When Hailey had first learned that she was being sent to Italy to hone her powers, her head had been full of visions of Rome, of sun-kissed vineyards and of a beautiful Mediterranean country lush with beauty. She had not pictured the snowy reaches of the Amato Valley, one of the northernmost and remote of Italy’s provinces. She had not pictured seeing her breath more than twenty days out of thirty, and she had not imagined the only village being a good two hours’ hike down the hill. The plains of Italy rolled straight into the foothills of the Alps, and even in the summer, there was a bite of cold to the air.
Despite the persistent chill that left her feeling eternally a little tired, there was a certain beauty to the Angioli coven’s stronghold. It had been a monastery once upon a time, but the Italian coven had taken it over centuries ago.
As she walked the long road down to the village, in her hoodie, jeans and boots, Hailey looked even younger than she was. She knew that technically she should have been at her books, but that morning she had pulled down the ancient treatise she had been translating and made an important realization.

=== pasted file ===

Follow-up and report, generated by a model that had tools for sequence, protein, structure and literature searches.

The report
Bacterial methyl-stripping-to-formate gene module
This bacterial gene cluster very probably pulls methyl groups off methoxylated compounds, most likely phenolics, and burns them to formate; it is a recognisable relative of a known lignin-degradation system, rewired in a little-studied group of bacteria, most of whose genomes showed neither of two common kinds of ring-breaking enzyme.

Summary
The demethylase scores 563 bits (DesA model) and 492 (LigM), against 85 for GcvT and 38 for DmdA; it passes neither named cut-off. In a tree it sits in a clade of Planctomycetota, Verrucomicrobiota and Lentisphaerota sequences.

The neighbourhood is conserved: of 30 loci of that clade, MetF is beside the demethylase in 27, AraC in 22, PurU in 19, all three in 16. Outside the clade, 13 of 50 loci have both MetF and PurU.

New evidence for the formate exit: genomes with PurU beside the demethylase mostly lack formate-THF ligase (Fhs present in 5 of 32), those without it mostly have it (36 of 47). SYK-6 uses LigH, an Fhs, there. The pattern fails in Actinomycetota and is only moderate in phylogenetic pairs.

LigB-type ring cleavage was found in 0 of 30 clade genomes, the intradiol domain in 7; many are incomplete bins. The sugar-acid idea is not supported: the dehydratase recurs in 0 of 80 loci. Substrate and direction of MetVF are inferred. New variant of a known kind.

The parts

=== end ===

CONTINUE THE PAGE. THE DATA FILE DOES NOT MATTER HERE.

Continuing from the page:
If I have to sit here and translate with the twittering of the other coven members in my ears, I do believe that I shall scream.
The thought appeared bright and fully formed in her mind. Just then, she heard a twitter of hushed giggles behind her. Turning around, she could see Letizia and Francesca watching her over their books. In that moment she had realized that she’d been completely and utterly right.
She had sighed, stretched, and leaving her books where they lay, she’d made as if she was going to go to the bathroom. Instead she’d taken a quick detour that was now turning into a hike down the mountain. She smiled to leave her coven mates behind.